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Integrating Paid Search into Your Growth Strategy


November 22, 2023


November 22, 2023

Paid search has gone through some rapid changes recently, along with similar trends in the real-world application of data-driven channel attribution. Why? Google Ads ‘simplified’ their platform over the years, resulting in reduced control over and insight into your advertising effectiveness that often muddies the attribution waters. That means it’s more difficult to know what’s actually working, and thus, harder to optimize efficiently.

But despite the ever-increasing challenges, paid search can still be a strong pillar of your growth strategy. In this article, we’ll cover effective techniques to take back some of that control and tease out the truth in your metrics, allowing you to drive growth with paid search.

The ‘Broad Matchification of Google Ads’

Google Ads is a constantly evolving platform, and over the years, much of the advanced control marketers previously had has moved into a black box in an effort to promote simplicity. The idea is easy enough to grasp—Google wants everyone to be able to use Google Ads without needing a search engine marketing (SEM) expert to build and optimize every account.

In theory, this sounds great—give people an easy way to leverage paid search as an effective marketing channel. But the reality is, if you don’t know what you’re doing (and sometimes, even if you do) you risk losing control of how your brand is represented in Google Search.

What gets lost in the move to a single ‘on’ switch

The tactics that once worked—even a few months ago—could be losing their effectiveness or be obscured by increasingly blurred channel 'attribution' metrics. To keep things simple in this example, we’ll use 'keyword' to cover key terms and key phrases (multiple words strung together into a phrase) since this is how it’s regarded in Google Ads.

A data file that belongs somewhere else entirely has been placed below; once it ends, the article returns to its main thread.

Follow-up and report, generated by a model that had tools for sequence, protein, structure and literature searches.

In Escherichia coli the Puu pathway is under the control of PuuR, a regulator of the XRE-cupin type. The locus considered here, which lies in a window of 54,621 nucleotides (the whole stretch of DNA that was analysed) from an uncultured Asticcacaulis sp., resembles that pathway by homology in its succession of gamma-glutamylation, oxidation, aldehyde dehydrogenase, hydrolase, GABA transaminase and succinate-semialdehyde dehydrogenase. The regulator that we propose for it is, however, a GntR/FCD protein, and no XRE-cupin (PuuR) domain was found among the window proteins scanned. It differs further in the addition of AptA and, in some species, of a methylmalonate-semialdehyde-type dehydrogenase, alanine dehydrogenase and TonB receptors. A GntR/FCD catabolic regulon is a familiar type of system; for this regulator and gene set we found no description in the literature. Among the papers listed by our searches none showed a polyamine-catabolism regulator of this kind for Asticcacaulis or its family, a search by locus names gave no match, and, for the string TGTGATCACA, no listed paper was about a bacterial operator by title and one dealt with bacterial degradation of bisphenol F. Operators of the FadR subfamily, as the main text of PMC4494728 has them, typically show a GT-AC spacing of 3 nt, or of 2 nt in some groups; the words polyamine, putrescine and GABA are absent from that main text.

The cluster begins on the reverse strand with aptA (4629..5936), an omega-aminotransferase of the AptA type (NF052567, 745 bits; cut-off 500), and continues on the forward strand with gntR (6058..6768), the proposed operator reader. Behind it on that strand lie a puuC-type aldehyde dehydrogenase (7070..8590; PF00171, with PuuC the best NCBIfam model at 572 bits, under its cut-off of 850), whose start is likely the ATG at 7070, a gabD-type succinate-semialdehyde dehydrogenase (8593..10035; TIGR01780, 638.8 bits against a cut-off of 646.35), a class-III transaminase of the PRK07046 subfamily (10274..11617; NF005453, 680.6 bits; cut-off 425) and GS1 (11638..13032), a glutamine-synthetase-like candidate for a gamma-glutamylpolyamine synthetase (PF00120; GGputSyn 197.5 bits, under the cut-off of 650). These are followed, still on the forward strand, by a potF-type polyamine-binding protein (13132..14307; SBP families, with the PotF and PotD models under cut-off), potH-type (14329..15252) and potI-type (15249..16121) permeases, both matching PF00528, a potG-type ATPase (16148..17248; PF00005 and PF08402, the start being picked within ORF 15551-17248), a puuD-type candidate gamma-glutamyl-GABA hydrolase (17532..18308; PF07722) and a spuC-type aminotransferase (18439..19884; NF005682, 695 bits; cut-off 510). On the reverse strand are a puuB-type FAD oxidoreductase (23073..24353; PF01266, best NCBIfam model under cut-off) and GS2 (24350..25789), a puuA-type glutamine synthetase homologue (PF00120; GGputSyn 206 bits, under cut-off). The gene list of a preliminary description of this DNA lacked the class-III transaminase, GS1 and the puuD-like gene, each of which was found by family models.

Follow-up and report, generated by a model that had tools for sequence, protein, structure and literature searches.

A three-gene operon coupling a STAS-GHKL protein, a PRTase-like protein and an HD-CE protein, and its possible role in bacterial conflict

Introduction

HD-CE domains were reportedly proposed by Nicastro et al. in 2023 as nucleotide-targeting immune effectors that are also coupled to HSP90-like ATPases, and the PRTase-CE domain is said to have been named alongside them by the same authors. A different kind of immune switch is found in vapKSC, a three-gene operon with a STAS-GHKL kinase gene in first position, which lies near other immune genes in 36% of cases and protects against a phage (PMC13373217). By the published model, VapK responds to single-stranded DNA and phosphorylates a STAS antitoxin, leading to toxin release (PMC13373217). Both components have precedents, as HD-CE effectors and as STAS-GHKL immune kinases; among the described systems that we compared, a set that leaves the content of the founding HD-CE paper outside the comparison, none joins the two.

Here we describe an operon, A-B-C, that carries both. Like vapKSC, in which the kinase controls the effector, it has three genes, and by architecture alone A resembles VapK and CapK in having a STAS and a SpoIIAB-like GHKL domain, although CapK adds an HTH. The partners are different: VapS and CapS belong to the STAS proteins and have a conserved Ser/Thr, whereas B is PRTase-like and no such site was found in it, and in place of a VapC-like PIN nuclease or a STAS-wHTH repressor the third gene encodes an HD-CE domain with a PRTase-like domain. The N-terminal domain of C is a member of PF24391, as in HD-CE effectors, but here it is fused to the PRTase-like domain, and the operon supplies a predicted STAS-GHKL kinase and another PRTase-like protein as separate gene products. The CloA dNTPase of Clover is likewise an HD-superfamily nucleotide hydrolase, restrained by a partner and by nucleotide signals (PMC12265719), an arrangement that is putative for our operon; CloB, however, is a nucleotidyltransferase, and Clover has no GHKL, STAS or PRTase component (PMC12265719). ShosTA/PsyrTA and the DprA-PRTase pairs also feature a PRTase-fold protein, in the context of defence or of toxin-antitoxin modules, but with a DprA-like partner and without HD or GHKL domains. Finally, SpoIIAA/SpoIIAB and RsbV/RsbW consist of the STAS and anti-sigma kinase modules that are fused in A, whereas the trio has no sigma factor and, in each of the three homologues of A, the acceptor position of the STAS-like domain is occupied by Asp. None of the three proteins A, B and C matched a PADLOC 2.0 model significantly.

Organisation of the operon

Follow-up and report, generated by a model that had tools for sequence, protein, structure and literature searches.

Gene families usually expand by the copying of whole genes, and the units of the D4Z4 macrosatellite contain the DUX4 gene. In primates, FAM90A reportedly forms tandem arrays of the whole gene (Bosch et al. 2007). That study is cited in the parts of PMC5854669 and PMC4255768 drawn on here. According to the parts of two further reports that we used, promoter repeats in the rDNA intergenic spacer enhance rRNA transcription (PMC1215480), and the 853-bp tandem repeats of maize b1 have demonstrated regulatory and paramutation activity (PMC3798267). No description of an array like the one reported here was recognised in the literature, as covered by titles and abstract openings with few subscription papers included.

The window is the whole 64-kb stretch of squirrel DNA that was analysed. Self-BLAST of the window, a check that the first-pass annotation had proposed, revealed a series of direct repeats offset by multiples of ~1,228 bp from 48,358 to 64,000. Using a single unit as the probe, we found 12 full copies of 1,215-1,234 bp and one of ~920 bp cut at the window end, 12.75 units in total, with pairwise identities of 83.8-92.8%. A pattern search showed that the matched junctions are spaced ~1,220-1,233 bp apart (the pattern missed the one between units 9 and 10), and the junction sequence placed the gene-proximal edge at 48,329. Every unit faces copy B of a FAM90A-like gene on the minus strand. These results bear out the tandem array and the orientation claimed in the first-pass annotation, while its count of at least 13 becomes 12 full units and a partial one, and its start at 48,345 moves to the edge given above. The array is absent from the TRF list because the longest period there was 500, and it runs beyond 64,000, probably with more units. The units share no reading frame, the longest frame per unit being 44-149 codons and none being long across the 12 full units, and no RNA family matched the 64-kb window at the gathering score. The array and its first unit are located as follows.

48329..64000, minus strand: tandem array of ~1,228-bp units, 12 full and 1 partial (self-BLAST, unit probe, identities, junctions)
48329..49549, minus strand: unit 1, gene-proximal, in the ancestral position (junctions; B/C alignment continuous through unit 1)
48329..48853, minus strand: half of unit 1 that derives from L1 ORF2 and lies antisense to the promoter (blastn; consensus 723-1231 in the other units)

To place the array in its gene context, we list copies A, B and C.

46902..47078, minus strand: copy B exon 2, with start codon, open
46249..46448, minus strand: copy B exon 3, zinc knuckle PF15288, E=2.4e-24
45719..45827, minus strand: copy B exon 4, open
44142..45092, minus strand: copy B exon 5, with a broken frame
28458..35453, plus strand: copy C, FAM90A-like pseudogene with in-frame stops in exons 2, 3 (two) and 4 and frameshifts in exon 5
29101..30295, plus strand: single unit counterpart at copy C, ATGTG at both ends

Google has been taking back control of keyword interpretation with the loosening of exact match and the phasing out of phrase match and broad match modifiers. Essentially, Google decides what your keyword means and how to match that with search entries.

That can be great for finding and capitalizing on obscure related terms, relating a search term with your product, or discovering how the customer thinks of your product versus how you market it. But it can also be terrible for restricting or controlling what searches trigger your keywords.

Why the type of keyword matching matters

In the current setup, the context of a keyword can blur into branded terms, competitor terms, and just plain unrelated terms—and you’re paying for all of that. If you don’t have the volume and insight to sort this out, you’ll likely be left in the dark, chasing keyword attribution and untangling account performance when you could be optimizing for increased growth.

Here are some recent Google searches and the broad match keywords that were matched to bid: